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Visa requirements

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florida
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Visa requirements

Have not read many forums in about past 6 months. We are looking at visiting summer of 08-what are requirements for a 2-3 visit to St. Petersburg?

Thanks,

Casa

St Petersburg Russia
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1. Re: Visa requirements

Hello Casamurray

I believe you left out an important word after "2-3" , day, week month or year probably goes in that space and each results in a different answer.

A Tourist Visa is good for a maximum of 30 days and it is the most common visa for visitors. It comes in single entry and double entry varieties for the same cost in consular fees.

A business visa can be used for 3, 6 or 12 month duration and can be for an unlimited number of re-entries in that time if requested.

For US citizens, there is a consular fee for processing the visa of $100 each for 7 day processing and faster processing times can be requested for higher and higher fees. I am writing this from Finlandwhere I am sitting in a hotel waiting for the Russian consulate to open so I can renew my 12 month visa but because it is one day processing, there is a $450 fee.

A visa is obtained by submitting a completed visa application form, a passport style photo, your passport, and an invitation from your hotel. That invitation is usally send by email or fax free of charge if you book a room. This package is sent to the nearest Rusian Consulate and if you include a prepaid and addressed FexEx mailer your passport will be returned in a little over a week. It can also be applied for in person and picked up at a date and time determined by your choice of processing times. The fee you include will determine that. Payment must be in postal money order, cashier check or business check if applying for a business visa. Cash and Credit cards are not accepted.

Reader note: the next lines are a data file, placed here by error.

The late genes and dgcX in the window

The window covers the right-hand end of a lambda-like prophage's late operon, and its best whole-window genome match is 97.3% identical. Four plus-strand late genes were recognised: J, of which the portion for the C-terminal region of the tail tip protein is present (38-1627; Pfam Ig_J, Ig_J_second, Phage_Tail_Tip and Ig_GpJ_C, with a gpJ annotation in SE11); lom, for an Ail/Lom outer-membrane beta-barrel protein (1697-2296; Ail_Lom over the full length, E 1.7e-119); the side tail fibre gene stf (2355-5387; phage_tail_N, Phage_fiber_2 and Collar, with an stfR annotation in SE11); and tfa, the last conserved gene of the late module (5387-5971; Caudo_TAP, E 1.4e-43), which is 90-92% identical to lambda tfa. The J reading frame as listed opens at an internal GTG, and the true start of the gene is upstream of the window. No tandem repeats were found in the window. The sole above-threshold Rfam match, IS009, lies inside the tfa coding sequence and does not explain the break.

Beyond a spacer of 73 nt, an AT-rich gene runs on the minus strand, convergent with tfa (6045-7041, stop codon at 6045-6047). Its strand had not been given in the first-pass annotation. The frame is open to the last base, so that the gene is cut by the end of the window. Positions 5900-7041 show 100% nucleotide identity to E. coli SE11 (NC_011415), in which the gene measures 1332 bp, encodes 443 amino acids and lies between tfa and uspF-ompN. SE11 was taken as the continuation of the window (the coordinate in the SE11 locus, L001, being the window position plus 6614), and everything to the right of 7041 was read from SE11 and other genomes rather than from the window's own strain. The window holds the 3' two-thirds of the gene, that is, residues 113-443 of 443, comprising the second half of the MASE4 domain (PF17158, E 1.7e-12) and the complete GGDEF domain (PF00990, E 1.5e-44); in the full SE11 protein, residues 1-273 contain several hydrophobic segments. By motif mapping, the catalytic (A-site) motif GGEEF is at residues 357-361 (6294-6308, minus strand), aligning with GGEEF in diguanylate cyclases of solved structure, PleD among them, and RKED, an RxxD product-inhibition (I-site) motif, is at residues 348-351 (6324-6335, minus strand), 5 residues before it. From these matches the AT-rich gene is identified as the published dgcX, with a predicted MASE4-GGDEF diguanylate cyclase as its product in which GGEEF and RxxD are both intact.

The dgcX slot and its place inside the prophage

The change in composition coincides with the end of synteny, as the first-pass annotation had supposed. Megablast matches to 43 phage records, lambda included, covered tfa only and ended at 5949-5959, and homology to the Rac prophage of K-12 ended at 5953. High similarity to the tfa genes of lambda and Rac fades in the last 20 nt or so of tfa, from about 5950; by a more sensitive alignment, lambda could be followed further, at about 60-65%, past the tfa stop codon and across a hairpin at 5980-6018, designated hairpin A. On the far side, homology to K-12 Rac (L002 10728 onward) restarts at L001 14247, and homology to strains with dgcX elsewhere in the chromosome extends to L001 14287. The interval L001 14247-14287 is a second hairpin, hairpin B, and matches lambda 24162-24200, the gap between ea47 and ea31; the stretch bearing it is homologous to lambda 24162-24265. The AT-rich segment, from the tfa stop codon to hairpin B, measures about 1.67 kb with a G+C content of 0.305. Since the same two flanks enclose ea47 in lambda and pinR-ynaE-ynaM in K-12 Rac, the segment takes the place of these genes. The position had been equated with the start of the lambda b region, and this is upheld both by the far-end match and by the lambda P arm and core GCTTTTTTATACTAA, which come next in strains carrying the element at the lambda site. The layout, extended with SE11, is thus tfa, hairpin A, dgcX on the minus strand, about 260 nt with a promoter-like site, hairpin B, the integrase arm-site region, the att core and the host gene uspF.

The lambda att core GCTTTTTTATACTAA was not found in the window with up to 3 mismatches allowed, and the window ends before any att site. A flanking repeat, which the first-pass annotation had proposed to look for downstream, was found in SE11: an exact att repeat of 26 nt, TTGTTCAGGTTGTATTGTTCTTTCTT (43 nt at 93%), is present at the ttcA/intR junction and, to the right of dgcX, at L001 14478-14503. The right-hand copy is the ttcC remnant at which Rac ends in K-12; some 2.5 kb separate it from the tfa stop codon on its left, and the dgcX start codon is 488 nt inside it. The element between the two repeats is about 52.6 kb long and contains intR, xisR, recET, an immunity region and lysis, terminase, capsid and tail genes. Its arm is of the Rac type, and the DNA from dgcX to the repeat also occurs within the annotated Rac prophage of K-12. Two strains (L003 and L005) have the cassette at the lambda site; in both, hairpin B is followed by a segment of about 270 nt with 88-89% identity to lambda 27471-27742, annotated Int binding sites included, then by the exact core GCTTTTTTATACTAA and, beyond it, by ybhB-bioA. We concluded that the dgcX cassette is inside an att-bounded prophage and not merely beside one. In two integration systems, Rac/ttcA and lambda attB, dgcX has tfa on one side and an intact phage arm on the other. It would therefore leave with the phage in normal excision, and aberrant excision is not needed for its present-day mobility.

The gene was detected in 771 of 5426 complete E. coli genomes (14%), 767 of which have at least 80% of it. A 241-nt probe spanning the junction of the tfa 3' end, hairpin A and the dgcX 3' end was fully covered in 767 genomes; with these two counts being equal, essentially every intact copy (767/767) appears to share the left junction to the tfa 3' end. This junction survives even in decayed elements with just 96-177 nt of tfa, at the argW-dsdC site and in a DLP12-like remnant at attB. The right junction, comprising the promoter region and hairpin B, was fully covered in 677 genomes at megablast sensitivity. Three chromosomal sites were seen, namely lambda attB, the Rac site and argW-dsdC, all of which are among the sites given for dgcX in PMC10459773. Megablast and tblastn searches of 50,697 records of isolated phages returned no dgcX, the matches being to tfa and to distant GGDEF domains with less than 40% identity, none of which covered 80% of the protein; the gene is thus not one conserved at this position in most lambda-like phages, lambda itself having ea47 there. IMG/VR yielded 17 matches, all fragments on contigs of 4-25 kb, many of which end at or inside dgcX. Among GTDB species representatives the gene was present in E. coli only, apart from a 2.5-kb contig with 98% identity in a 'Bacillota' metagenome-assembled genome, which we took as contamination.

Phoenix, Arizona
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2. Re: Visa requirements

If you google -yahoo Russian visa you will find many companies in the USA that can handle all of this for you, (visa and invitation or voucher). In the past I have used (kosmos travel) located in L A Cal area. They can book your flight and secure your visa-invitation and or voucher for you. (no trying to get a Russian hotel to send you one). They also offer flights-tickets through Areoflot, (Russian air line), that have direct flights to St Pete from New york city among other cities in America. If you only need a visa, (or flights also). You can contact red star travel. They are located across the street from a Russian embasy in seattle. They can get you your visa & invitation, all at the same place. (As can Kosmos travel). Have a nice trip.

florida
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3. Re: Visa requirements

thanks so much-meant to put days-you have been very helpful.

Casa

Springfield...
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4. Re: Visa requirements

I have had excellent results with travelvisapro.com - in fact I just FedEx'ed my passport to them this very morning. For $158 plus this morning's FedEx overnight costs, I expect to have my visa back a week from this Friday. I know from working with Kest (the proprietor) that I will get excellent service at a fair price.

St Petersburg Russia
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5. Re: Visa requirements

The reason I recommend visitors apply directly instead of using 3rd party visa resellers is that when a mistake is made in transcribing the application personal information a 3rd party will not recognize if there is a mistake, since none of the information is known by him. This happens all the time but if an applicant reviews the documents before submission, an error is easily spotted.

The new registation law requires the visitor to be sponsored and registered by the firm issuing the visa invitation, usually the hotel or other host in Russia. A visa service buys bulk invitations from a hotel or tour company whose name is keep secret from the visitor so the visitor will not bypass them and use the actual service provider directly. If there is a problem with entry, or while in Russia, the visitors sponsor is the only entity which apply for corrections or seek remedy.